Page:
Fuel Economy Facts vs Fictions: Things You Should Know
All drivers worry about gas mileage. Especially when gas prices have the tendency to always follow an upward price curve, you cannot really blame anyone for trying everything to get more mileage out of a gallon. From this desperation, stems myths. And riding on these myths, a few players profit. You remain the ultimate loser. Your fuel economy does not improve. And you lose more money in trying to save some in the first place. Hence, as a vehicle owner in the United States, you must separate the facts from the fictions that you hear and stay protected from fraudulent deals.
Let’s get started.
Fiction 1: Fuel additives improve gas mileage
Fact: They do not. Most of the additives that you see in the market are mere advertising gimmicks. Unless the makers claim that their products improve mileage, people will simply not buy something to keep the pipes clean, remove grime, or more. The best used cars by dealer never come with fuel additives. They carry the fuel type specifically recommended by the car manufacturer. Do the same for your car as well and buy an additive for its intended purpose, not to increase efficiency.
Fiction 2: Add-on equipment can improve gas mileage
Fact: Again, they do not. These rumors are spread by unscrupulous used car lots in Greer, SC who look to add profits by selling you unnecessary products. You may hear that adding a small premium part in the exhaust pipe or clamping magnets on the fuel line will somehow scientifically improve combustion in the engines. There are no such magic products. All you need to do is to keep an eye on the tire pressure monitoring system and invest in a tire gauge if required. Well-inflated tires help to return optimal fuel efficiencies.
Fiction 3: Only use high-octane content gasoline
Fact: Not necessary. If your car is rated to use regular gasoline, pouring a premium grade fuel will only waste your money. Car manufacturers design engines to run on specific octane numbers. And the engines combust the oil perfectly without depending on the octane figures. It is true that fuels with high octane values combust easily but it is not going to make any difference to your fuel efficiency. Read your owner’s manual. Buy the fuel that is suggested. And remove your fictional expectations from premium grade fuels.
Fiction 4: An older car has worse mileage
Fact: On the contrary, cars tend to get better with fuel efficiency with the number of miles they add on themselves. Why do you think the EPA tests new cars after they have added 5000 miles? Because they want the peak figure and brand-new vehicles do not return the expected rating. So, in the bad credit car dealership in Greer, SC, do not close your mind and options to only low-mileage cars. Scan through all the available options as older cars carry better fuel efficiency. The economy actually depends on maintenance rather than age and you should be buying well-maintained used cars rather than fairly-new vehicles.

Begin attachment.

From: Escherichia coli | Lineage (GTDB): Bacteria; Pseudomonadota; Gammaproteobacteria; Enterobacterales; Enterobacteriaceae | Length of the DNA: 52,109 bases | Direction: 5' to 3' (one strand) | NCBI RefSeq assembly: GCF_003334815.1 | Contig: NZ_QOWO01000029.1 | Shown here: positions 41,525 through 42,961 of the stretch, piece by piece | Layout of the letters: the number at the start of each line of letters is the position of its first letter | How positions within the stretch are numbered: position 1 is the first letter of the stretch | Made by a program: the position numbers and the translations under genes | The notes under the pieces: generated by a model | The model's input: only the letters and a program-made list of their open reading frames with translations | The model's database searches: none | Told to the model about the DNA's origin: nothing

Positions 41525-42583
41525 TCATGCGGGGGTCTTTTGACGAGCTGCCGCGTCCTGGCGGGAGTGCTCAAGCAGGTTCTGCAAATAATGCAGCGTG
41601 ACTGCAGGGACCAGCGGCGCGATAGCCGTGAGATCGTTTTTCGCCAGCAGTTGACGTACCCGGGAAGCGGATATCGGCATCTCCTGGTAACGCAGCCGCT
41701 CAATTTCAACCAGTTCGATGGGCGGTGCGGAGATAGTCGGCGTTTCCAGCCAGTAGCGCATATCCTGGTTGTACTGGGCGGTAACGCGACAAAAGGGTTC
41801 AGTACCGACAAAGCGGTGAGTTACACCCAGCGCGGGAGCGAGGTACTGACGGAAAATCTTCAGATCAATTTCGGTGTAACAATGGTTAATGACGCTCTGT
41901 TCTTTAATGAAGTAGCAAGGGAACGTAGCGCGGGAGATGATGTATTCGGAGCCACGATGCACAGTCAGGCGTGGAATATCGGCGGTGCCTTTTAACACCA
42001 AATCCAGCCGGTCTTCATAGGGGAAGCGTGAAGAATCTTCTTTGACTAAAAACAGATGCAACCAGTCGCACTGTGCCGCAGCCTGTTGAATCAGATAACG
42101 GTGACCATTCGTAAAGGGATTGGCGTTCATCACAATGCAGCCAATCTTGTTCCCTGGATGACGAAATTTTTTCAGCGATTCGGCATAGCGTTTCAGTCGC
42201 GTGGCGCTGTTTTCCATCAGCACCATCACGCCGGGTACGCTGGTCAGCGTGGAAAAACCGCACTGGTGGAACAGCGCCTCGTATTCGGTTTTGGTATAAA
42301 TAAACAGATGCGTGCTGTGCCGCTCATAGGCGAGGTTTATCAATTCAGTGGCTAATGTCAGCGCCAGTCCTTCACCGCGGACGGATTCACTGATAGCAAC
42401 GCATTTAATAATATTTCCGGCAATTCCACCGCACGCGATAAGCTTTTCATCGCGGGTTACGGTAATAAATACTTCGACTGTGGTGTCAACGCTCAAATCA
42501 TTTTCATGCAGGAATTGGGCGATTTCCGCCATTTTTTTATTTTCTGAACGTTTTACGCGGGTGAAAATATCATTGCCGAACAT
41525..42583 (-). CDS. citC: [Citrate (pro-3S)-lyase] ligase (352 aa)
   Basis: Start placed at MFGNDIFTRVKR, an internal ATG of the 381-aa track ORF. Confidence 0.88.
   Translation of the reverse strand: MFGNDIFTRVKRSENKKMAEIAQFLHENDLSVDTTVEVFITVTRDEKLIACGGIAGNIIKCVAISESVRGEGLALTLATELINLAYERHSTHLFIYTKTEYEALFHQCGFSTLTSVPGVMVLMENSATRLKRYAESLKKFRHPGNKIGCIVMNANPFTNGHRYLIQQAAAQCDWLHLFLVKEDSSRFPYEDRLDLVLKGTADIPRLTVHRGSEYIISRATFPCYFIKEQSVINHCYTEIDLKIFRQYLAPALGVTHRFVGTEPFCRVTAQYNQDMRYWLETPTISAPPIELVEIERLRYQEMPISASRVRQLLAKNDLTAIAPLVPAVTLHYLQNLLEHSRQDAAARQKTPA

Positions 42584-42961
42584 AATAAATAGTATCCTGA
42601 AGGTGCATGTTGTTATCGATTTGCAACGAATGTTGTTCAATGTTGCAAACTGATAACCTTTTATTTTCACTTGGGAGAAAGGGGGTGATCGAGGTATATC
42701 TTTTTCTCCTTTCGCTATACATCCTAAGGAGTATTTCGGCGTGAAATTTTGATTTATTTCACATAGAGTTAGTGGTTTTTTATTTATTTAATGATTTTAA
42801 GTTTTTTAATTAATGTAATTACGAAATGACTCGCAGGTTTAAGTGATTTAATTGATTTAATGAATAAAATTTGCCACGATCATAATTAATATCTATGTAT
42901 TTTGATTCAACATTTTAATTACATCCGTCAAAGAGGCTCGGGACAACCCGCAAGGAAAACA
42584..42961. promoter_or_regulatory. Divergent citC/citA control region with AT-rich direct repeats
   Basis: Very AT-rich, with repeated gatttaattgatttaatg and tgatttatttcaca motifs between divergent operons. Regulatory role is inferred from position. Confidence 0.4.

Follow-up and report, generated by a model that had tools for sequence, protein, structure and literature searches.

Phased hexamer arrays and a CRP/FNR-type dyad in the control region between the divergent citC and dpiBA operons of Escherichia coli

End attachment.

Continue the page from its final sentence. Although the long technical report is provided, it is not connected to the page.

Fiction 5: Cars with manual transmission have better fuel economy
Fact: This was true in the 1970s when automatic transmission was still technologically improving. The computations were not as efficient as it is today and naturally, the manual gave greater control over the car and combusted the fuel well. Right now, however, the story is entirely different. Automatic transmission works on par with manual and you cannot tell any difference in fuel efficiency. Do not lose your mind if you do not know how to drive with a stick. Your automatic transmission vehicle saves as much fuel as any manual one.
Improving fuel efficiency is actually free
Yes! You do not have to invest in expensive cars or fuel to get more mileage out a gallon. The trick is simple. Buy from one of the best used car lots in Greer, SC to ensure that you are bringing home a quality used vehicle. Then, check your driving habits. Use the recommended gasoline and keep your maintenance routines. With these, you will surely achieve fuel efficiency near to the car’s actual EPA ratings. The internal electronics do all the hard work today. They decide combustion and fuel flow. Try to aid their mechanism with your driving habits and solid investment and you will not have to lose your sleep over rising fuel prices.
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